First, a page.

Alice Workman The Australian August 11, 2022
Liberal senator Gerard Rennick, who has been criticised for spreading misinformation and Covid-19 conspiracy theories, turned down multiple invitations for individual briefings from former health minister Greg Hunt. Senator Rennick was offered several one-on-one sessions with Mr Hunt, as well as Health Department Deputy Secretary and Therapeutic Goods Administration boss Adjunct Professor John Skerritt, since the start of the pandemic. However, these standing invitations were never taken up.
On Thursday, the Department of Health rejected Senator Rennick’s latest comparison of the Covid-19 jab to AIDS, which he made during a late-night anti-vaccination rant in parliament.
The Queenslander – who is not vaccinated – delivered the speech to the Senate last week, after the Albanese government refused to reveal how many claims for death and injuries had been paid out since the Covid vaccine was rolled out.
Government Services Minister Bill Shorten said less than 1 per cent of applications had been approved and encouraged the Liberal senator to “book in for his winter booster dose … if he has not done so already”.
In the speech, Senator Rennick suggested Covid-19 vaccines were “unsafe” and “ineffective”, comparing the biochemistry process to “like when you’re cooking sausages on the barbecue and you see blobs of fat merge together”.
The claims were firmly refuted as “incorrect” by the Health Department, which said it doesn’t believe the Senator’s description of how the vaccines act is based on accepted science or medical understanding.
Health also rejected his assertion that the body is somehow “attacking your own cells” following the Covid-19 vaccination or that there is any biochemical or pathological similarity to AIDS, the severe and life-threatening disease caused by HIV.
“The evidence is clear – vaccination is one of the most important steps we can all take to protect ourselves and our loved ones from severe Covid-19 infection,” a Health spokesman told The Australian.
“The Therapeutic Goods Administration (TGA) regulate and approve all vaccines (including Covid-19 vaccines) for use in Australia. This involves the checking of all Covid-19 vaccines for quality, safety and effectiveness. Vaccines are only approved in Australia after they have been assessed to show that the benefits of vaccine outweigh any risks.”
It’s understood that the TGA has responded to a large number of questions about vaccine safety from Senator Rennick in budget estimates, Covid committee hearings and personal correspondence.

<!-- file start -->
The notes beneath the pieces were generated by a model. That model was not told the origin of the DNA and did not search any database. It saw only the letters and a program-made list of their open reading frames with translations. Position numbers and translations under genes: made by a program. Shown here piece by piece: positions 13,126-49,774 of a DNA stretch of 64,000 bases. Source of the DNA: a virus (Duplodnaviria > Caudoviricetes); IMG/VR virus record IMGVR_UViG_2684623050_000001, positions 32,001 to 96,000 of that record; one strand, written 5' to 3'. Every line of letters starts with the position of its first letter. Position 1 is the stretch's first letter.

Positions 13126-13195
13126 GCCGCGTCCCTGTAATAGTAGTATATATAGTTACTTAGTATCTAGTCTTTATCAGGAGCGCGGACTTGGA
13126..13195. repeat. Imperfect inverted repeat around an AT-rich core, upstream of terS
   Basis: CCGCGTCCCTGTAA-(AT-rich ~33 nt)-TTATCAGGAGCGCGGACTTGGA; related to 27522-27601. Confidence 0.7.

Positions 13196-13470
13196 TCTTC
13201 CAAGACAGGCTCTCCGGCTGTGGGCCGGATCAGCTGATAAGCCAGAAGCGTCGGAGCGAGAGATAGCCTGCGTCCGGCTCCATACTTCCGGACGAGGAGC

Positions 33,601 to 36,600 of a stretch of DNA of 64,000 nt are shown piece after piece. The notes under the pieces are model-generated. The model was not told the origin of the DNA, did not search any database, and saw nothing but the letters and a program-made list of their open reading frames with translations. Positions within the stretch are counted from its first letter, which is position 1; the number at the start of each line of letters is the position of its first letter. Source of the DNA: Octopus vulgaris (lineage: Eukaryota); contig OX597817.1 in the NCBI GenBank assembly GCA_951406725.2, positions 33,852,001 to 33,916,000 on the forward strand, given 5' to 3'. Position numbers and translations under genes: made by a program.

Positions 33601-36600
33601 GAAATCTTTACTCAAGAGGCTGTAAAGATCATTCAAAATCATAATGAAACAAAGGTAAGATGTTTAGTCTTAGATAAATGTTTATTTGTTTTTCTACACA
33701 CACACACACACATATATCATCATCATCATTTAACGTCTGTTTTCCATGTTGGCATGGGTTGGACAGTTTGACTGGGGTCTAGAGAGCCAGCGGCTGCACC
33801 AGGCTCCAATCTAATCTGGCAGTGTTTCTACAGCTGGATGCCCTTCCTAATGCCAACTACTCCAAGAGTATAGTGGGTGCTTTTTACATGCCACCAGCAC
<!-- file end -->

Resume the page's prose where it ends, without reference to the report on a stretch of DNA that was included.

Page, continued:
When The Australian reached Senator Rennick this week, he stood by his debunked comparison of the Covid vaccine to AIDS. The 51-year-old former accountant said “there’s not a lot of this stuff written down but I do speak to people who’ve got PhDs in genealogy and cancer research”.
The Coalition’s health spokeswoman Anne Ruston refused to condone or condemn Senator Rennick’s latest outburst.
“As it did in government, the Opposition recognises the importance of Covid-19 vaccines in the global efforts to tackle the pandemic,” Senator Ruston told The Australian. “We support ongoing efforts to maintain our world leading vaccination rates as the primary defence to Covid in Australia.”
Senator Rennick has attracted widespread criticism within his own party for anti-vax views and decision to meet with the so-called “freedom convoy” protesters in Canberra in February.
Former prime minister Scott Morrison urged his colleagues to listen to the medical experts in December, after Senator Rennick labelled the approval of the Pfizer vaccine for children aged five to 11 as “completely irresponsible”.
Senator Rennick’s Facebook following surged when he began sharing stories of people claiming to have suffered side effects from Covid-19 vaccines. Many of the claims have been disputed by health officials and Senator Rennick conceded to The Guardian that he could not be sure the stories were “100 per cent accurate”.
The Albanese government recently expanded eligibility for a fourth Covid-19 vaccine dose to an additional 7.4m people.
1/ Liberal senator Gerard Rennick. Picture: NCA NewsWire / Gary Ramage
2/ Greg Hunt. Picture: Brendan Beckett